FIVE QUESTIONS WITH… SCOTT MARDEN, Managing Partner, Compass Partners

1. Compass Partners is in the market with a maiden fund targeting $350 million. Tell us what compelled you and your colleagues to spin out of DLJ Merchant Banking and start a new firm?

This team had been working together for four years at DLJ when we decided to launch Compass. When we spun out of DLJ, we thought for a long time about the direction we wanted to move in. Our passion has always centered on growing companies in the middle market, where there was better deal flow. Our premise has been putting money to work in places where we can make a real difference. In this environment, however, you have to bring more than just money to the table. Our secret sauce is a marriage of deep operating experience and world-class transactional experience.

Our firm concentrates on four areas: business information services, where we focus on the B-to-B marketplace; marketing services, where we target smaller companies that help larger companies acquire customers; the training and assessment market; and outsourced services. Digital publishing is very interesting for us; it’s where you can harness the move from print to digital content. Many businesses have strong legacy brands embedded in print. We take that strong content, and then slice and dice it and redistribute it in many different ways.  

2. You mention content but not ‘media.’ Is media a dirty word in private equity?

The word ‘media’ connects to entertainment, which we don’t do. And we don’t do television, film, theatrical entertainment or casinos. We’re also not interested in traditional publishing businesses that are heavily tied to advertising. When advertising is up, these businesses do incredibly well, but when ads fall off, they get crushed.

With illiquid alternatives, given the longer hold periods, the opportunity to buy low and sell high is riskier. So for us, the attractive parts of media are on the content side, particularly in business information and education. Because of that, we’ve steered away from being identified as a media fund, even though some investments we make will have a media aspect to them. Besides, there are already a lot of media funds out there.

3. Besides money, what are sellers most looking for?

Our most recent investment is the leading company in online driver education, called I Drive Safely. That’s a company we bought from its two founding partners, who launched it 16 years ago and never took a dime of outside capital. They were visionary entrepreneurs who saw a real opportunity to take your typical paper and classroom-led driver’s education course and create an online alternative. We are now control investors, but the founders own a substantial stake. We are very committed to finding management teams we like and believe in. In that way, we’re different from other firms that buy a company with an eye to changing management.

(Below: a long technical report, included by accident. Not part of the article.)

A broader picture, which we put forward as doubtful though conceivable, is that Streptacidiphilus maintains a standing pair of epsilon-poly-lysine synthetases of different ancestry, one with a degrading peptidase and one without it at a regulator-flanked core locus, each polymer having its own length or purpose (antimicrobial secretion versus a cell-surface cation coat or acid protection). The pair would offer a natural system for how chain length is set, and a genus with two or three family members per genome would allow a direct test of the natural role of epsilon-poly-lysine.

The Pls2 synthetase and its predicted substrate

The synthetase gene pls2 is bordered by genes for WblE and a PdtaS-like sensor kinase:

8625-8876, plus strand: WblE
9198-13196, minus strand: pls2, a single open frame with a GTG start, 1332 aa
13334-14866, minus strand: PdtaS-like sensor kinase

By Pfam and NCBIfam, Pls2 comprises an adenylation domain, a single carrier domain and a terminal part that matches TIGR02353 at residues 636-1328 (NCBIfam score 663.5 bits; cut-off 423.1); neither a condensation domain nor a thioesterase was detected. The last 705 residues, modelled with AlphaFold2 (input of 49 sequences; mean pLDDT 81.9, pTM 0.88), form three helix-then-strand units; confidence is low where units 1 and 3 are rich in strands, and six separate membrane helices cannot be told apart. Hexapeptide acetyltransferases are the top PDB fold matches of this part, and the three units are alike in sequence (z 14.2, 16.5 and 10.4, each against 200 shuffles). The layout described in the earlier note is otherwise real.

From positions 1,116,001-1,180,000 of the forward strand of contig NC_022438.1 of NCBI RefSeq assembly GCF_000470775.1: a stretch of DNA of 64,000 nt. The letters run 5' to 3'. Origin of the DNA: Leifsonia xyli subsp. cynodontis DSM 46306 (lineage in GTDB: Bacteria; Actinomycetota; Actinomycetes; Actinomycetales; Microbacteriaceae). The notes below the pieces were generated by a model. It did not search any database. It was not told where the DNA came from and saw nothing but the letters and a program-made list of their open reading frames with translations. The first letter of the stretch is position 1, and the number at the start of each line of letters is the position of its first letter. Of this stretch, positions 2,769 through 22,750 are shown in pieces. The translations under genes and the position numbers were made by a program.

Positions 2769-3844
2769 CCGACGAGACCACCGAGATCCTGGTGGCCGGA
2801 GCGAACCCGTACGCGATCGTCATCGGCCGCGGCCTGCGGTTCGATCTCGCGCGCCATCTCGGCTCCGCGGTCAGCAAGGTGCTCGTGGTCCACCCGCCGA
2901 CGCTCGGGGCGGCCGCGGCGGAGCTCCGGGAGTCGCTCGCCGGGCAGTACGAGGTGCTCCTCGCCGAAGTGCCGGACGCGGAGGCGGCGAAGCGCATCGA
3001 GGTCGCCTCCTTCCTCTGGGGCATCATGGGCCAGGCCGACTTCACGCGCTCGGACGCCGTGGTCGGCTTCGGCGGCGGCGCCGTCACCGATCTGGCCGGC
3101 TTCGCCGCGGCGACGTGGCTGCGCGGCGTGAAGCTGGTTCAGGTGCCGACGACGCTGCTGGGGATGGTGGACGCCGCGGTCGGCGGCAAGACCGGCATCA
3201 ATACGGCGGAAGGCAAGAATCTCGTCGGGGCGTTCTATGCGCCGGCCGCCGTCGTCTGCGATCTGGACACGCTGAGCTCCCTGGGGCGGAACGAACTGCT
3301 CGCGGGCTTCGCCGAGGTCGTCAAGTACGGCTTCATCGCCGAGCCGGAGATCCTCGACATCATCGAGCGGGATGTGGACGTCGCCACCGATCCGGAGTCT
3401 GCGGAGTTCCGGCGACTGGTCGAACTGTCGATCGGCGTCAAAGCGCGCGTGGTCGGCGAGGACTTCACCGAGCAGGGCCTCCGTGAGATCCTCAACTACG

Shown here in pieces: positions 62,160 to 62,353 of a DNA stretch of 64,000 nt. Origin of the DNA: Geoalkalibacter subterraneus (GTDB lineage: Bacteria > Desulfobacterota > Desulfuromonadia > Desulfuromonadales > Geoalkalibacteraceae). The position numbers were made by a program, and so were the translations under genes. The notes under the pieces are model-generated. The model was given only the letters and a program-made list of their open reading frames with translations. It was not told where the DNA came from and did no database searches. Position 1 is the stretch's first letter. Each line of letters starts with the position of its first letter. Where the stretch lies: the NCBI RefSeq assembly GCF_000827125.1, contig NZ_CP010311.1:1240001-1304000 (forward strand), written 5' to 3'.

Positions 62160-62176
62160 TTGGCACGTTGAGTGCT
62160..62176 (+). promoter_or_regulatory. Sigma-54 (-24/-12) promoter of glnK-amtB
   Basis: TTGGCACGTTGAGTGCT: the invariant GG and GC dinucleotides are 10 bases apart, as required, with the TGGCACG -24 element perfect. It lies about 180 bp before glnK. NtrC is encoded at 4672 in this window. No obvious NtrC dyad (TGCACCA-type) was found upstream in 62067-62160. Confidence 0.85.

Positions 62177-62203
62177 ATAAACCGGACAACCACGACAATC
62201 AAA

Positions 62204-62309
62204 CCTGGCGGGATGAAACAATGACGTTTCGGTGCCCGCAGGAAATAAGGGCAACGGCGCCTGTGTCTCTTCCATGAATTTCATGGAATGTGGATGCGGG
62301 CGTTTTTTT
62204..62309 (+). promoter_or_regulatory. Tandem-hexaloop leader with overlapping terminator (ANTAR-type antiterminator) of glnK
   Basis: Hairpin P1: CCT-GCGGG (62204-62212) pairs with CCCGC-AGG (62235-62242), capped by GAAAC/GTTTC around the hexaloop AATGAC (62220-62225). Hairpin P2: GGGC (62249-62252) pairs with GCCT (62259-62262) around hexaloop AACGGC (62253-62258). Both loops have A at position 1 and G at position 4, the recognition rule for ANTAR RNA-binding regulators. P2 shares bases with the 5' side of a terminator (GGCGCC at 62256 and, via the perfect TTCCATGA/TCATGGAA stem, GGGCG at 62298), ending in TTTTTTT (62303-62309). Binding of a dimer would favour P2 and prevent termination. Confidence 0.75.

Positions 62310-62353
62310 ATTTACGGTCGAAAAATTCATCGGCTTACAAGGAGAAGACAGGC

4. Lately, we’ve seen a lot of sponsors selling companies to other sponsors. Why is that?

In private equity, time works against you, not necessarily in terms of cash-on-cash returns, which is what should really count, but in terms of the other metric everybody unfortunately uses, IRR, which is very time sensitive. You may have a terrific business that you bought at the wrong point in the cycle, and that means you hold it for a longer period of time. But hold periods work against you when it comes to returns. So, more often than not, exits are based on the sponsor’s length of ownership.

5. You’ve worked at both private firms and public companies. Which do you prefer working in?

Much of what we do in private equity is the same as what I did as an operating executive at large public companies like McGraw-Hill, Philips and Marvel. You look to hire the best people. You look to empower people. You look to drive new products into new markets.

The major difference is the source of capital. With public shareholders, the disclosure burden is huge, and you’re also living quarter to quarter. At a private company, however, we’re able to drive rapid change, build a 180-day operating plan, reengineer management teams, restructure a balance sheet and introduce new products. In a private company, we get a lot more done in a much shorter period of time, so it’s tremendous fun.

Edited for clarity by Gregory Roth